For a Museum of Mathematics fundraiser dinner, I created a series of mathematical table centerpieces. These are each eight inches in diameter and built on the hi-def color ZPrinter model 650 from 3D Systems. They vary in color and style, expressing different mathematical ideas in sculptural form. Some, like the above, convey an organic sensibility, while others are more geometric.
by General Fabb
This week's selection is sculptor George Hart's Centerpiece. Actually we should say, "centerpieces", as it's really a large collection of similar objects, each with variations in color design as well as structure.
We can show only a few of the amazing Centerpieces here. You can see all twenty-three sculptures at Hart's site at the link below.
Via George Hart
Considering that Shapeways is located in New York City, it seems a little strange that they did not exhibit at the Inside 3D Printing expo last week. But they had a rather good excuse: they've raised another round of funding from their existing investors to the tune of USD$30M.
Shapeways Director of Marketing Carine Carmy explained that they could not exhibit as they were overwhelmed with the investment announcement, which you must admit is pretty dramatic.
This is a staggering amount of cash, suggesting they have grand plans for world domination, or perhaps merely domination of 3D print services.
When we visited Shapeways "Factory of the Future", we were struck by the absolutely cavernous factory floor - most of which was empty. At the time the question we pondered was, "who's going to pay for all this space?"
The answer is now clear. Expect another 50 large scale 3D printers to appear in that space soon.
After 3D Systems' acquisition of ZCorp, they found themselves owners of the Zprinter line of the only full-color 3D printers available. These machines continued to be improved and new variations added up until this week.
What happened this week? 3D Systems has rebranded the entire Zprinter line into new ProJet models. No more Zprinters! The new machines not only have new names (although the numbering scheme is kinda similar, as, for example, the new ProJet 660 Pro strongly resembles the previous Zprinter 650) but also attractive new exterior styling that matches the rest of the ProJet line. You can see this style in the image above of a new ProJet 460 Plus.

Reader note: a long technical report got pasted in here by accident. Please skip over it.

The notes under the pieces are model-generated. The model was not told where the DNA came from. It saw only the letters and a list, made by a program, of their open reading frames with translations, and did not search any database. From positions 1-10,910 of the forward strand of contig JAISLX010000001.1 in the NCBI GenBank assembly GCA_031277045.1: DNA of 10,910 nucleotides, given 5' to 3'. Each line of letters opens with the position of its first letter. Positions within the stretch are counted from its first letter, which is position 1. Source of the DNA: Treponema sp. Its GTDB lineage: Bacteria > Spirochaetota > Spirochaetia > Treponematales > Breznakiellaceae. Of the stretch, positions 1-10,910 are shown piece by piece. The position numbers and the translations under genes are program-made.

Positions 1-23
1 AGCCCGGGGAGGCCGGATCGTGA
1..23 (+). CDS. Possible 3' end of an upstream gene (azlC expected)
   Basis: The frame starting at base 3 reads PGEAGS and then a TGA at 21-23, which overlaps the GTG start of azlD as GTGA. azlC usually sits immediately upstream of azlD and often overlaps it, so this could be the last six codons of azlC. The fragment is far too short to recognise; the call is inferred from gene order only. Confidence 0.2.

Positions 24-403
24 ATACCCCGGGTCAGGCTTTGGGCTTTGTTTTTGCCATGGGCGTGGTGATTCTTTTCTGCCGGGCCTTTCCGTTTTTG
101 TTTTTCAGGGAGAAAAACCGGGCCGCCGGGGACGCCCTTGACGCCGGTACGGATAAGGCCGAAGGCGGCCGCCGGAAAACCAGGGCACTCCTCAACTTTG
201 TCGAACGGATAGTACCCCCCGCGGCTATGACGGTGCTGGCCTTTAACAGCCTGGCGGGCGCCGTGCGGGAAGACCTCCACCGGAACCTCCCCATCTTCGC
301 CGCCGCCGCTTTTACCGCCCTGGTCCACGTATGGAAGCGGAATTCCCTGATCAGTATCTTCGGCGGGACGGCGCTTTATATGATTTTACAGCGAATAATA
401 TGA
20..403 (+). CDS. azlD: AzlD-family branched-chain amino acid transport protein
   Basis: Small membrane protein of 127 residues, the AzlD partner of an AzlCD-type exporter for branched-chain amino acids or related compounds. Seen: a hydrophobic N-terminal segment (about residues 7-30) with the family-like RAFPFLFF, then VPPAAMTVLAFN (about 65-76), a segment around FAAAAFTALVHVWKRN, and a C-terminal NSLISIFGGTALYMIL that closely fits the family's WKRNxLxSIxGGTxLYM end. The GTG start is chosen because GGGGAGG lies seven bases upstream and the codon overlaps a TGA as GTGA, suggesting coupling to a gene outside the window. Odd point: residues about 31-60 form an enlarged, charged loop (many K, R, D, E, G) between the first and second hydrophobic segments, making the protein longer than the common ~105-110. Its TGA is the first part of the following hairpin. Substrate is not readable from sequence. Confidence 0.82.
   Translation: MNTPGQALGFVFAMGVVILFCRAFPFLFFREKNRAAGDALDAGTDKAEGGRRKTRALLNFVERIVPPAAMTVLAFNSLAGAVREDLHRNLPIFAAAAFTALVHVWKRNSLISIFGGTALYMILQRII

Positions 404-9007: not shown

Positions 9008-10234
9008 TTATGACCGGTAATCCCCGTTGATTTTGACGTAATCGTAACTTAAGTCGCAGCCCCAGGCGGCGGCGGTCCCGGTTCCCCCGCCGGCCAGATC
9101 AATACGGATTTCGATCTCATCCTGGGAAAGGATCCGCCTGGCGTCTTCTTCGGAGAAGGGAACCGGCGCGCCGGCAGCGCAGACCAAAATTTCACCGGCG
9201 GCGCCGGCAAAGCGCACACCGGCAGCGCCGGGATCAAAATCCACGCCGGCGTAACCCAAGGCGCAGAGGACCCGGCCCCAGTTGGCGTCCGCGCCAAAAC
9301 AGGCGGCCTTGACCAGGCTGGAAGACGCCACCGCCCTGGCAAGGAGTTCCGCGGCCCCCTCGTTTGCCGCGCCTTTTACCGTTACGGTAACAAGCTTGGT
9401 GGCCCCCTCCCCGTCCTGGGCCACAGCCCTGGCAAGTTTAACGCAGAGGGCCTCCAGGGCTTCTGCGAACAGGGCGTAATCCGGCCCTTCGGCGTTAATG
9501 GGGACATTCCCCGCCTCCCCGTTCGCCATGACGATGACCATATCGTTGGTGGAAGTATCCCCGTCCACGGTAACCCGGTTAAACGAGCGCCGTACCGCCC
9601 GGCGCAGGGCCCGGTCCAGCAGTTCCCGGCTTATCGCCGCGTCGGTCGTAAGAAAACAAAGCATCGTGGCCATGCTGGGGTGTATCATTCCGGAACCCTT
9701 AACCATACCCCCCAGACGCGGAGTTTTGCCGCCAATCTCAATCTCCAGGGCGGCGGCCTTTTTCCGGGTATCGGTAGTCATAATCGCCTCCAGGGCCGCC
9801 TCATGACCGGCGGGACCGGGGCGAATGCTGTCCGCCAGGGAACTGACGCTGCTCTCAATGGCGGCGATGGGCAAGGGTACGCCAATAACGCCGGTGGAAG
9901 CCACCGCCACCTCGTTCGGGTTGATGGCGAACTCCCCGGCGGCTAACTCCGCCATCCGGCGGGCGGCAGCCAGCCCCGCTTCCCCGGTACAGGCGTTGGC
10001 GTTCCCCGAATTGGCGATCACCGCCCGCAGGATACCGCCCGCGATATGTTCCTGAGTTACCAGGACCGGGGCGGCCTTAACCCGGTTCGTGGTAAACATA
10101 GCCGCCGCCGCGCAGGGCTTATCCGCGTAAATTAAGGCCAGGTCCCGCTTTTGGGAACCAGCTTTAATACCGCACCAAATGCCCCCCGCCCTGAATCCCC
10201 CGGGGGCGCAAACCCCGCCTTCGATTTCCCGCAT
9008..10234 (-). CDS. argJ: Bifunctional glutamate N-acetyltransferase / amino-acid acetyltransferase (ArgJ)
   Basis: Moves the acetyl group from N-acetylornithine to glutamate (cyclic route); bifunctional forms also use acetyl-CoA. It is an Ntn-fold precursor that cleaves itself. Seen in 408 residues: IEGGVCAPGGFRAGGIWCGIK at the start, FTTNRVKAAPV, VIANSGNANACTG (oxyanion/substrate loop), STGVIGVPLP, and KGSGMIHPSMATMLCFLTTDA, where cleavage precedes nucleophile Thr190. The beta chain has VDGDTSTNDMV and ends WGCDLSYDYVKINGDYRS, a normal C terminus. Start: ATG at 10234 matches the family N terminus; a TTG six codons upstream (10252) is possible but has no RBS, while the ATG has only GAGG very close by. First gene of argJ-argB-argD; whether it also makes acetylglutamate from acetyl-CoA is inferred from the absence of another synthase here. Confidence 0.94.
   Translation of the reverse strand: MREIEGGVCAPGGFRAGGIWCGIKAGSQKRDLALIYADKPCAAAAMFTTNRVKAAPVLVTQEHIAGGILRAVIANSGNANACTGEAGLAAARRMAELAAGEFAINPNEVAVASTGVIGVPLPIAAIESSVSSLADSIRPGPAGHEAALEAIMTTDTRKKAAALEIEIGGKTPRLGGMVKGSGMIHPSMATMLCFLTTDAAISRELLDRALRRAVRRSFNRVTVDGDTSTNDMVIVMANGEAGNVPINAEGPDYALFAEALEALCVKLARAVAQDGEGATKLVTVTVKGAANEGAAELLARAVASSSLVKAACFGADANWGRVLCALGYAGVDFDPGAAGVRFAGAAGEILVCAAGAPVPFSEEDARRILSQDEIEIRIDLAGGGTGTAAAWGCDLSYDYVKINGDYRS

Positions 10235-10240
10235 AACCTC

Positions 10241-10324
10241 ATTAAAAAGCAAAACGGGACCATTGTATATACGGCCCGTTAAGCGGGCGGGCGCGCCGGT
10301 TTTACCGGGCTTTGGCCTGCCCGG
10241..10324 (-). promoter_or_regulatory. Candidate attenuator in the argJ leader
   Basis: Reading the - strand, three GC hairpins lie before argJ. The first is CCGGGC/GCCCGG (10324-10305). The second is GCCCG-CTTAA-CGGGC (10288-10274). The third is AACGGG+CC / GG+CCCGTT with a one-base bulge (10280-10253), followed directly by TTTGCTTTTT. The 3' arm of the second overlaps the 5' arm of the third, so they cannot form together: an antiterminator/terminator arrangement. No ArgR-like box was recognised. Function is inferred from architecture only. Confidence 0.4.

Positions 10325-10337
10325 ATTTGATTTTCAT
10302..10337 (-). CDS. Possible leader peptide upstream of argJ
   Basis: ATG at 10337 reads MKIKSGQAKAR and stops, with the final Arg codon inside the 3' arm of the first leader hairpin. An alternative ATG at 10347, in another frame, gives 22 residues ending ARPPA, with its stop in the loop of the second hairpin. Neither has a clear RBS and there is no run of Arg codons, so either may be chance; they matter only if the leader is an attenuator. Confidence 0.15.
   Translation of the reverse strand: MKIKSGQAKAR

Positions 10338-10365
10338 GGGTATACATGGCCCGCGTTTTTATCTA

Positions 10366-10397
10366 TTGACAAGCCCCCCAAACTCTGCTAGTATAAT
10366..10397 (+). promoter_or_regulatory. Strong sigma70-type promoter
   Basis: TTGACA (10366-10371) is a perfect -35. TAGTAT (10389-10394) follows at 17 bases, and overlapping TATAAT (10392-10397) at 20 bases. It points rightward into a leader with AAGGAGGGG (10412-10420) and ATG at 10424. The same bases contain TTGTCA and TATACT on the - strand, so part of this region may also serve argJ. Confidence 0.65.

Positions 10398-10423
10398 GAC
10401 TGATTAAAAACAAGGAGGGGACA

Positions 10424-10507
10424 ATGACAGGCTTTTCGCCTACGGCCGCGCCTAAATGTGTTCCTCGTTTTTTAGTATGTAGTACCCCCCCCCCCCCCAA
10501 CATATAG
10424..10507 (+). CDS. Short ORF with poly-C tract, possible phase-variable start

The new printer line includes:
- ProJet 160 – compact size, most affordable monochrome printing
- ProJet 260C– compact size, most affordable full color 3D printer available
- ProJet 360 – medium size, monochrome printing affordability
- ProJet 460Plus – medium size, high-quality full color printing
- ProJet 660Pro – large format, premium-quality full color printing
- ProJet 860Pro – super-large format, premium-quality full color printing
This was an inevitable step, but it begs the question: when will full color capabilities be integrated into other 3D Systems products?
Via 3D Systems
At this point in time 3D printing has a significant amount of buzz. With that buzz comes investment, as entrepreneurs attempt to build new businesses in the new space.
But there's another kind of investment: raw capital. Wall Street types, attracted by the buzz, want to plow money into 3D printing startups, hopeful that they'll grow dramatically and convert that pile of money into an even bigger pile of money.
At this week's 3D printing conference in New York City, Wall Street is literally only blocks away. It was thus unsurprising that around 25% of the attendees were from the investment community. It was very common to see a name badge with "XYZ Capital Corp" or similar displayed.
That didn't prepare us for the blatant and aggressive investment conversations we heard. Consider these actual quotes overheard from a pair of well-suited gentlemen surveying the expo floor:
Which company is going to get big?
I'm looking for the next Shapeways!
And delivered in a tone similar to shopping at Wal-Mart. Yes, these are actual, true quotes from actual suits.